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Crossing the 1000 in the Commons

A little while back we crossed the 1000 image mark for our uploads of historic images to the Commons on Flickr.

We’ve just started adding a third distinct collection of images – the Phillips Collection (which joins the Tyrrell and Clyde collections). The Phillips Collection is another set of glass plate negatives taken between 1890 and 1920. We are uploading roughly 10 Phillips images a week and 25 Tyrrell images a week with Clyde images going up less regularly.

Paula Bray, our Image Services Manager writes

This collection of approximately 200 glass plate negatives appears to have be made by a photographic studio from around 1890 through to 1920. Some of the subjects in this collection include portraits, costumes, recreational activities, fencing, women boxing, the Blue Mountains and city scenes. The collection was donated by Raymond Phillips and, although not confirmed, it may be his father who was the photographer. There are some clues we have come across whilst scanning this collection that may prove this but we might let you discover these as we post more over the coming weeks. There are many people featured in these images that reappear in other scenes. Perhaps they were family members.

Paula will be delivering a paper at Museums and the Web 2009 looking specifically at the impact of the Commons on the Powerhouse as well as on image sales. Early evidence suggests that image sales are actually up on last year for the very same images that we have placed in the Commons.

7 replies on “Crossing the 1000 in the Commons”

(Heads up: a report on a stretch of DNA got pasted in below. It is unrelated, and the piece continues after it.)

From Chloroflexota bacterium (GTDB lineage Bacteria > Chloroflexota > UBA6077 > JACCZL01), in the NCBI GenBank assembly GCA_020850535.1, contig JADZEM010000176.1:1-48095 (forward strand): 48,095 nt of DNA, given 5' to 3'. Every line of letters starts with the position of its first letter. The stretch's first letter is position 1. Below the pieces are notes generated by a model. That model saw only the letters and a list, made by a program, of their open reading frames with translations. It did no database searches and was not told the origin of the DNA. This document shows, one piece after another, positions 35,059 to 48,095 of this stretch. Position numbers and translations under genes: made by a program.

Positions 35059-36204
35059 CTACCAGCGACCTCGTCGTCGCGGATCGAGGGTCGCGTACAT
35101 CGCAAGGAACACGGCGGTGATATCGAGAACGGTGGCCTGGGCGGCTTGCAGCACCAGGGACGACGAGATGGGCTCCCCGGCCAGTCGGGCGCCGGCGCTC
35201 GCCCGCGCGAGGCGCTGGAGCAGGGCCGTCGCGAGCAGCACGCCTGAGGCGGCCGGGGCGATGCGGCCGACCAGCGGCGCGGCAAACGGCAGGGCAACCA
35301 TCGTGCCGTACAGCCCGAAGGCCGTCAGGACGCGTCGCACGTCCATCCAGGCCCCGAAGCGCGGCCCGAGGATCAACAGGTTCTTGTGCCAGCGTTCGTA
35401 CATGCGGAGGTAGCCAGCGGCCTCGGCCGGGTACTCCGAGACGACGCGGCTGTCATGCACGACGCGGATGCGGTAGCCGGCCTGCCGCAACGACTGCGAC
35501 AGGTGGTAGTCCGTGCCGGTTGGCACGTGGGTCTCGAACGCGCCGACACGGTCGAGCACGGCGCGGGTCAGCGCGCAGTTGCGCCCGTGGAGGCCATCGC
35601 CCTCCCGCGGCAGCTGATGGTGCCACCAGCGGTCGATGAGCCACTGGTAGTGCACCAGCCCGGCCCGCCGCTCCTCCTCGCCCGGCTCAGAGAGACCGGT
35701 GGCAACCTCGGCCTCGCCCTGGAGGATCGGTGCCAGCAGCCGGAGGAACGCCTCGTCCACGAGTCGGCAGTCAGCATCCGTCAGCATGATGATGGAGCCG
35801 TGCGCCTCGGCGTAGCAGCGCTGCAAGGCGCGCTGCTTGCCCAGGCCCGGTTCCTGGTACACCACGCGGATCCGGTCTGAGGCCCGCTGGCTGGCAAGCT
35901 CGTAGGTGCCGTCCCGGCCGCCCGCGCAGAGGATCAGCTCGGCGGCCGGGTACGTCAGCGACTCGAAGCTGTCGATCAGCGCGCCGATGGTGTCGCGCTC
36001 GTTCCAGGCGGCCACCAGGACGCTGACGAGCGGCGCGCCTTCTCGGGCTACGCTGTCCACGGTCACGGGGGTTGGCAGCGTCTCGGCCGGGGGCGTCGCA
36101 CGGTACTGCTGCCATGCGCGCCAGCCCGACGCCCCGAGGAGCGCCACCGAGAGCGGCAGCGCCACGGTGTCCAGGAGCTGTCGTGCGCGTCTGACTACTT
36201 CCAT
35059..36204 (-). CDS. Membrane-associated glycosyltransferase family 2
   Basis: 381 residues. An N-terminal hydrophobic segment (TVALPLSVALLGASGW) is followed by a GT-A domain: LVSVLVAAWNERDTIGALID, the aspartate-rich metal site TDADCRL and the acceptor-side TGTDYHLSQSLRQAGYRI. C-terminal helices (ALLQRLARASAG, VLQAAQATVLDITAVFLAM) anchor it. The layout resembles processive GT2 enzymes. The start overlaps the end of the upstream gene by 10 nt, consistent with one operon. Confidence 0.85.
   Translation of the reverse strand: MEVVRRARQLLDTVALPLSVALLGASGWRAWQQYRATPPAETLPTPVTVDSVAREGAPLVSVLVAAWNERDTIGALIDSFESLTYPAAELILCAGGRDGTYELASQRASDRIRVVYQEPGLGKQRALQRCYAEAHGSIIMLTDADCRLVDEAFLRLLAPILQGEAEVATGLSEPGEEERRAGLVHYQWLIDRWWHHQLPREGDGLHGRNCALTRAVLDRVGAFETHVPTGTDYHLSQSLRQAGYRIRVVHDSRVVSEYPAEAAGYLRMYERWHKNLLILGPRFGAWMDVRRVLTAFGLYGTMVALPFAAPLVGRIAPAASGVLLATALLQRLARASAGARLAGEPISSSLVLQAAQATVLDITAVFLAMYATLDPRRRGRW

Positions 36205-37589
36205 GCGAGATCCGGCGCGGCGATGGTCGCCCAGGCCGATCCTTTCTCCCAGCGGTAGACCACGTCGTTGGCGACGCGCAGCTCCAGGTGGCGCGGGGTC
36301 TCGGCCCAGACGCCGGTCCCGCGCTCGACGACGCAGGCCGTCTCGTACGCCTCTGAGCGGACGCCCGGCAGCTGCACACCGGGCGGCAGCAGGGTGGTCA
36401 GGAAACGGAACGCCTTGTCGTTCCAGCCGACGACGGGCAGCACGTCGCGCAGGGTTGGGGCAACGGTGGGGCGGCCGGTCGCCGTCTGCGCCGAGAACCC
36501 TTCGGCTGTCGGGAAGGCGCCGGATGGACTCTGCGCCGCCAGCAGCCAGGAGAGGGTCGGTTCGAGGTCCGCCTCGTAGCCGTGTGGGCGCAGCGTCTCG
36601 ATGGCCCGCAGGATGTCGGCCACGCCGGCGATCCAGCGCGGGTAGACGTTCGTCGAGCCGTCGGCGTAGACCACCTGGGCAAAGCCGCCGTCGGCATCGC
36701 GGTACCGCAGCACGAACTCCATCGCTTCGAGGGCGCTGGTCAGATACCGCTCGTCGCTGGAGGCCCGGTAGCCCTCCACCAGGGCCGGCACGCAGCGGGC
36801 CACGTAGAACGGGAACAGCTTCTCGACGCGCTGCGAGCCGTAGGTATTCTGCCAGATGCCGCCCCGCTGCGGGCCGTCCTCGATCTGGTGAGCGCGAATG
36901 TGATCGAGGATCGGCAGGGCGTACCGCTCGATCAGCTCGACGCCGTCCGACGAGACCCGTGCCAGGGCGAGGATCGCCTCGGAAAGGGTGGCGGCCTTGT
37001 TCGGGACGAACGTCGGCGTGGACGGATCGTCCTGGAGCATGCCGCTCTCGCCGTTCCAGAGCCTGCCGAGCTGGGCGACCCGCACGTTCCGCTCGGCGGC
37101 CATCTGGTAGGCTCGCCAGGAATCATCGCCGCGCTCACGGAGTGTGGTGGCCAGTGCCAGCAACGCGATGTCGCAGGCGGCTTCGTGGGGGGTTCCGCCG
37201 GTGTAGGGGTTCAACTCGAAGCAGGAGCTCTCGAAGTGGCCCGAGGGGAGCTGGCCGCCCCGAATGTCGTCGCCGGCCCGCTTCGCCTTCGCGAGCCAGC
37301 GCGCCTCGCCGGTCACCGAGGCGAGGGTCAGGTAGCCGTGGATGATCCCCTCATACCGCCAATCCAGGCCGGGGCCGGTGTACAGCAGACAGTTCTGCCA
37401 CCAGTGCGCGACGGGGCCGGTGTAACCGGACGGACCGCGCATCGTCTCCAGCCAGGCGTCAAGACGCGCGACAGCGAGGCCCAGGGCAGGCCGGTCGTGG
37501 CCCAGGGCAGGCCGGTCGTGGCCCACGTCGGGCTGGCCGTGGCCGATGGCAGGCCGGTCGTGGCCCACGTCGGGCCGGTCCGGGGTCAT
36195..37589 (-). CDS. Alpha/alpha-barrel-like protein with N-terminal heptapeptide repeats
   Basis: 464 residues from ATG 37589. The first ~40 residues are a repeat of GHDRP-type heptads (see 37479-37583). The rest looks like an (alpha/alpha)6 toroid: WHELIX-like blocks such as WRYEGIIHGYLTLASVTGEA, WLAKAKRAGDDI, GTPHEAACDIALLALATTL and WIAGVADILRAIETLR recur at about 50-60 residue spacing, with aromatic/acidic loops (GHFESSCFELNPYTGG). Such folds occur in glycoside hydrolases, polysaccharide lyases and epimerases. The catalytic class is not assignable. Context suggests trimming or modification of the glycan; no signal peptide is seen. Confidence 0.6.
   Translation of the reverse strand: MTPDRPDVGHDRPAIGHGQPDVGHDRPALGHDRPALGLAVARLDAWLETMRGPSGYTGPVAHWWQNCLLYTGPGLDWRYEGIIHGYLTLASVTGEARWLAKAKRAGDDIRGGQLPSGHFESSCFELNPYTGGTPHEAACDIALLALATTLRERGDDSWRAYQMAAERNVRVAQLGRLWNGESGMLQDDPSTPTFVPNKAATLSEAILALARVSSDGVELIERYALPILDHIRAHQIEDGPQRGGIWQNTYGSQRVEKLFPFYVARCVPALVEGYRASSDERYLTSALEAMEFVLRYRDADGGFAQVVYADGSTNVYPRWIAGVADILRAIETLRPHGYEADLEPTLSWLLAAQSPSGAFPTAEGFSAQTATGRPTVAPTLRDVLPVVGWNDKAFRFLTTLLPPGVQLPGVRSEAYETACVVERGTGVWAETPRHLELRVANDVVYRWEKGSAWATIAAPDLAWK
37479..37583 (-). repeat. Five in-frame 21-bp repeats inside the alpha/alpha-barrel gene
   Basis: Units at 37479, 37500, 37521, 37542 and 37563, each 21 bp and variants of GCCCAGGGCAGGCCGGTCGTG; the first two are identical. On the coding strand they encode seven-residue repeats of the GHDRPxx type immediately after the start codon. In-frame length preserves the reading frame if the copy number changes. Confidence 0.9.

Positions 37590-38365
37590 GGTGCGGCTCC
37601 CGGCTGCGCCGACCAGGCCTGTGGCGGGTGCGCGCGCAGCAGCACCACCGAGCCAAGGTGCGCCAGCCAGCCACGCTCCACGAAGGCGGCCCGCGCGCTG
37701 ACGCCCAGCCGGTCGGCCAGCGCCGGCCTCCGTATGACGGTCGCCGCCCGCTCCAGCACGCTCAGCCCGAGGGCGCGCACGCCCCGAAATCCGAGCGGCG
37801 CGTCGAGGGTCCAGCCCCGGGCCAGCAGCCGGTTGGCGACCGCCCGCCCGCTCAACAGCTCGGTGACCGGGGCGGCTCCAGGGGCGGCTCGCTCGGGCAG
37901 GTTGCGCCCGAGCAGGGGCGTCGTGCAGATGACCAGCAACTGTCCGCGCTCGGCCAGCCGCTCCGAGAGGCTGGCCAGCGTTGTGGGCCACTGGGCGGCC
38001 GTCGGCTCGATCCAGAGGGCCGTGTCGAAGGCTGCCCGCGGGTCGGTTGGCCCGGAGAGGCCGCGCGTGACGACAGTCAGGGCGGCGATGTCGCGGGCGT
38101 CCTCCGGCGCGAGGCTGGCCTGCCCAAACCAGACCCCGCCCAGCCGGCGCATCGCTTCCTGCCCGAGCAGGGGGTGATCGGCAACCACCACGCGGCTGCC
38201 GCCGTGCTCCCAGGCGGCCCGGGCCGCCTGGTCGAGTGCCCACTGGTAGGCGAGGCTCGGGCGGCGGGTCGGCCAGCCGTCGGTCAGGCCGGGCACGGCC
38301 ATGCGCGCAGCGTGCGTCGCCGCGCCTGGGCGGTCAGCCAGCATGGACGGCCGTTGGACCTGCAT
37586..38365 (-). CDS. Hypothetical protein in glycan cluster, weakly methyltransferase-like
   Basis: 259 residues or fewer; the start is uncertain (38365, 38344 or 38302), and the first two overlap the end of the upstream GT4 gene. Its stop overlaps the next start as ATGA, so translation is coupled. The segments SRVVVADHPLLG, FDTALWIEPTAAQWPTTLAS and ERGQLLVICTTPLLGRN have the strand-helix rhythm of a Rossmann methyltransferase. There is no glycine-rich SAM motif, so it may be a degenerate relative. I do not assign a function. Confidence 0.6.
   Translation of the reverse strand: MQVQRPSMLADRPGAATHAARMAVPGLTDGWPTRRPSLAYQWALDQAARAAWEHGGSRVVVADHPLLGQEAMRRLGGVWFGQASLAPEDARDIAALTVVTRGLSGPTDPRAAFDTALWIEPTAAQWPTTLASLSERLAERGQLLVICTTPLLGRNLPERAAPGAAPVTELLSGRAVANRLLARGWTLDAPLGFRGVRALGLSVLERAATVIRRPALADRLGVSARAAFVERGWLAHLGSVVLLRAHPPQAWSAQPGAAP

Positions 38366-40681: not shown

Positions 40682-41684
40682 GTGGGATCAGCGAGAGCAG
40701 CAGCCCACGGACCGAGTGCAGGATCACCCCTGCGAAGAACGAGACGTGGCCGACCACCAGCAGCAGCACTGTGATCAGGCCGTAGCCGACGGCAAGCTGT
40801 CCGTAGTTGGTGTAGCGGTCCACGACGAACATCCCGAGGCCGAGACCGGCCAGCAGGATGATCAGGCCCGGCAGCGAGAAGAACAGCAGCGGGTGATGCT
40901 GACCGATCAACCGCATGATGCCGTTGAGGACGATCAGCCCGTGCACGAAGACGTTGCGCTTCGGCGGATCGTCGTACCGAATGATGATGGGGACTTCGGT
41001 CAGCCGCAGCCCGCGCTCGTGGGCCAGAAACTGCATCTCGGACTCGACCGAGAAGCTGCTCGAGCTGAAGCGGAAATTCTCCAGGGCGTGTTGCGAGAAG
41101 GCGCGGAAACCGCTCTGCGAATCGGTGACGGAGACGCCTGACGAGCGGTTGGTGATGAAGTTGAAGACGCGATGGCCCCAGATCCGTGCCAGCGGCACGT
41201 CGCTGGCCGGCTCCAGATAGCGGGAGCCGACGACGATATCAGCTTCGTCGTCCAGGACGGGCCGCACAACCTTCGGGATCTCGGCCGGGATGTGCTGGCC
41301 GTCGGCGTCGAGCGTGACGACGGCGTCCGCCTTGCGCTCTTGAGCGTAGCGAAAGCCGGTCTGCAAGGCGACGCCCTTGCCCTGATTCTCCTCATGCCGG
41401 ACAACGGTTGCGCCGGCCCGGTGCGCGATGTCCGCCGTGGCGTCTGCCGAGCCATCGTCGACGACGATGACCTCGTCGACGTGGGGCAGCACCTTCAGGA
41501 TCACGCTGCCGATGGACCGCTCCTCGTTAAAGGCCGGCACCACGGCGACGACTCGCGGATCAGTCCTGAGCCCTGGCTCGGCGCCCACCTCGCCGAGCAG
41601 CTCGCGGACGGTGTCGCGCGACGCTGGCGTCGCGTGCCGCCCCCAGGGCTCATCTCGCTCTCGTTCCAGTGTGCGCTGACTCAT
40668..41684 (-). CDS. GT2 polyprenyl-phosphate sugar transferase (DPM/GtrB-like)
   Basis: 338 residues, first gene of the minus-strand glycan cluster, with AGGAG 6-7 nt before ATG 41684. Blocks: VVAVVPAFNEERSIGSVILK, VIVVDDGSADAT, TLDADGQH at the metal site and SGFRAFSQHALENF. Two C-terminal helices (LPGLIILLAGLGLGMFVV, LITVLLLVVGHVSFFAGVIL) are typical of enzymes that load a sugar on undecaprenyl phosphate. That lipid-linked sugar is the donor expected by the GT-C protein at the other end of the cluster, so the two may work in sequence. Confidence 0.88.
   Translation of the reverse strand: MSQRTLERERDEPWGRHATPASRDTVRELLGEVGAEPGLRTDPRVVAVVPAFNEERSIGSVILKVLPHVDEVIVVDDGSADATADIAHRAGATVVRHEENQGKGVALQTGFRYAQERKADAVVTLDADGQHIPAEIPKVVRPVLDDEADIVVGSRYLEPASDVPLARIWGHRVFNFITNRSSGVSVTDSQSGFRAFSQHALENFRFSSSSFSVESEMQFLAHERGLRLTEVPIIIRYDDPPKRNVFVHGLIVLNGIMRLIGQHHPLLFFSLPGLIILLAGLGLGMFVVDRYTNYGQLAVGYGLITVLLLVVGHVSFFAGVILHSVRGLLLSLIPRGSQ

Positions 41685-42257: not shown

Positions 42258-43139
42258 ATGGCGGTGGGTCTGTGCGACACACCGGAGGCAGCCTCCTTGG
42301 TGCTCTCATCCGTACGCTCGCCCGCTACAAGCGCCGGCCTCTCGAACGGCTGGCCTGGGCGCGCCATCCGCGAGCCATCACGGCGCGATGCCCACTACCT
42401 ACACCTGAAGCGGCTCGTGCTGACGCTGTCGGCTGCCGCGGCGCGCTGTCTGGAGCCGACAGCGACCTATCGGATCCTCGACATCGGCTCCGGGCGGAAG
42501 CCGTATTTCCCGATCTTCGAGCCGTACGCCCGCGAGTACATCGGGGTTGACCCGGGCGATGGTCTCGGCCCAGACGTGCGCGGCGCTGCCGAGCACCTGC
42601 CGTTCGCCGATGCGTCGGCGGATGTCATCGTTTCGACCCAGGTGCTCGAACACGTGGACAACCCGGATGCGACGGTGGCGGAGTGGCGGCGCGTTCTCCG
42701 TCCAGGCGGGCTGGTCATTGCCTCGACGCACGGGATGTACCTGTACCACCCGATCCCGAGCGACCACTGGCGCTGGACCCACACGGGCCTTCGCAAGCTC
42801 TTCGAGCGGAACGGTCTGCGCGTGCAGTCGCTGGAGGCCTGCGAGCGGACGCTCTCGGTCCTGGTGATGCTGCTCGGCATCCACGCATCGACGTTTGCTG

Thanks for this – do you see this as a potential form of revenue in the future, ie pushing low-res content to sites like Flickr and selling high-res ones via the PHM website?


I think it does raise the question of how we provide access to our images and content especially to benefit the education sector. This project has been influential in that we are re-thinking the way we license our images and provide access to our content but this is not being driven by the slight increase in income through the high-res files, even though it is an interesting outcome.

Thanks Paula. Commercialisation and the web is something I’m looking at in detail at the moment, so your comments are useful. My view is the back-end processes need to be sorted very well with regards to image sales before you could even go live with it. Does the PHM, or do you know of anyone, who is doing this well?? Maybe the AWM??

Hi Lynda…yes I think you are right. There are a lot of issues that have to be tackled including policy. I think the model of the V&A is interesting in that they make the divide between educational and commercial use quite wide. They provide files for the purpose of research and study for fee but also offer high quality fine art prints etc for their income stream. I think we need to widen our gaps between the two areas.

As regards commercialisation it might be worth considering whether the cultural sector has any examples of truly ‘profitable’ image sales services – especially once you count the staffing costs.

I blogged earlier mentioning the WIPO Report which has some interesting information and case studies on these issues.

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